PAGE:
23. What's the best places to get your books from?

24. Reasons why you should call home

25. Why naps are incredibly important for survival

26. eBooks vs physical books (which is better? which is worse?)

27. Unique spots on your campus

28. Things to do on your campus on the weekends

29. The pros and cons to having a roommate

30. Why it's best to go talk to your adviser early

Go forth my fellow procrastinators! Also, if you're having trouble with coming up with article ideas you can always talk to your editors and even your friends, to come up with new articles. Happy writing!

Cover Image Credit: College Kickstart

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The Possible Strike At Rutgers University Hinges On Barchi's Unfortunate Spending Decisions

It's time for Rutgers to fix its priorities. Our faculty is what keeps our university running. We stand with our teachers, and we expect change.

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Whispers have been floating throughout the Rutgers University campus for quite some time of a teacher strike, and whether people are interested in the solidarity of faculty or the possible break from classes, there are a lot of questions being asked.

So what does this mean? And what do we know?

To understand the effect is to understand the cause. The union at Rutgers, American Association of University Professors - American Federation of Teachers (AAUP-AFT), has been fighting "the corporate university" for over a year to achieve affordable education, more diverse representation, and better quality of our education. This could call for the first faculty and grad strike in the university's 253-year history, as President Barchi's priorities have been deemed twisted to those who are affected by them.

"Our working conditions are our students' learning conditions," said Rutgers AAUP-AFT.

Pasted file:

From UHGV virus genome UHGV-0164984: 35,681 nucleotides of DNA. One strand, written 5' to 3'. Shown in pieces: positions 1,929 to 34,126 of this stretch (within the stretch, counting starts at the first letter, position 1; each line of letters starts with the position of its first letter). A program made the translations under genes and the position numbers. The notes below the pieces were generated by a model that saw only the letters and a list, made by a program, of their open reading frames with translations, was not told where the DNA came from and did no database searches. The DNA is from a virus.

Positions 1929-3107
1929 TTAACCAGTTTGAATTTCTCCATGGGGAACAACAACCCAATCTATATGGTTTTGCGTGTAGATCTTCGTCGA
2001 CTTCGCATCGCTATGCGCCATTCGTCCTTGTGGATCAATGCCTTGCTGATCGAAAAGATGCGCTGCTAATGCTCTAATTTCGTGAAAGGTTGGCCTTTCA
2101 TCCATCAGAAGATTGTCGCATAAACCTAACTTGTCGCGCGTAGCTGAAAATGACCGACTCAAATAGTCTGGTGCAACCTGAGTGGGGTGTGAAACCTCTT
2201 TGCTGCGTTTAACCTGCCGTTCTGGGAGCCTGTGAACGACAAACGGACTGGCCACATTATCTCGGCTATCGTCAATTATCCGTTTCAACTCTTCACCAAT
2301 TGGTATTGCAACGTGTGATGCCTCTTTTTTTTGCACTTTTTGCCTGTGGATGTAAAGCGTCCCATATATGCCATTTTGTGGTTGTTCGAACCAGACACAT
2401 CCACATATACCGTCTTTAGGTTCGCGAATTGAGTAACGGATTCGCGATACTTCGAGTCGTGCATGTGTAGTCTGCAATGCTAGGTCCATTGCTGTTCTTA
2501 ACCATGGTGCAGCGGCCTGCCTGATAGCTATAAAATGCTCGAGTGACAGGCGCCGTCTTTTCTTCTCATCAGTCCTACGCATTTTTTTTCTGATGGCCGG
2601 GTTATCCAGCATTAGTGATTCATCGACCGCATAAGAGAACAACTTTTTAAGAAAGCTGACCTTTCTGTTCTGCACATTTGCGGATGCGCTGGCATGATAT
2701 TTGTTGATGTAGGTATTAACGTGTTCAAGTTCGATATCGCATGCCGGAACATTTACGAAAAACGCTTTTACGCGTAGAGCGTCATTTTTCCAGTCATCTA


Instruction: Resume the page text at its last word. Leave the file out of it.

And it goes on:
The union has outlined what exactly they are fighting for, including three subcategories of equity, quality higher education, and security. This includes equal pay for part-time faculty, female faculty, and faculty in Newark and Camden campuses for equity, improvement of student/faculty ratio by hiring more full-time faculty, more diverse faculty, and more teaching assistantship to improve the university's quality of education, and salary increases ahead of cost-of-living, five-year graduate funding packages, longer and more secure contracts for non-tenure track faculty, and family/research-friendly work schedules for security.

AAUP-AFT has also highlighted some unnecessary, costly expenses that Barchi has been selecting to indulge instead of faculty salaries. These expenses include athletics subsidies ($193 million), liquid unrestricted reserves ($783 million), and money spent on coaches/administrators "golden parachutes" ($11.5 million).

Union members at Rutgers Newark have demonstrated protests by picketing for three hours last Tuesday. Rutgers — New Brunswick plans to follow this display if no contracts are made or improved, affecting its approximate 38,000 students just as the spring semester draws to a close.

"It's a final warning — contract or strike," said Deepa Kumar, the president of Rutgers AAUP-AFT. "Do the right thing and give us a fair contract. Otherwise, we will have no choice but to go on strike."

I stand with AAUP-AFT Rutgers professors who are prepared to strike in order to defend affordable, quality higher education. When we organize and stand together, we win.

Bernie Sanders (@BernieSanders)

Though the university's spokespeople are claiming that negotiations are underway, a strike is still on track to happen at some point next week, leaving classrooms empty and students without work.

"Yeah, it's going to be complicated. Every syllabus is going to be screwed up," said Margaret Curran, an undergraduate student at Rutgers University – New Brunswick. "But it's something that needs to be done. We understand and we stand with our professors."

It's time for Rutgers to fix its priorities. Our faculty is what keeps our university running. We stand with our teachers, and we expect change.

For more information, you can visit www.rutgersaaup.org.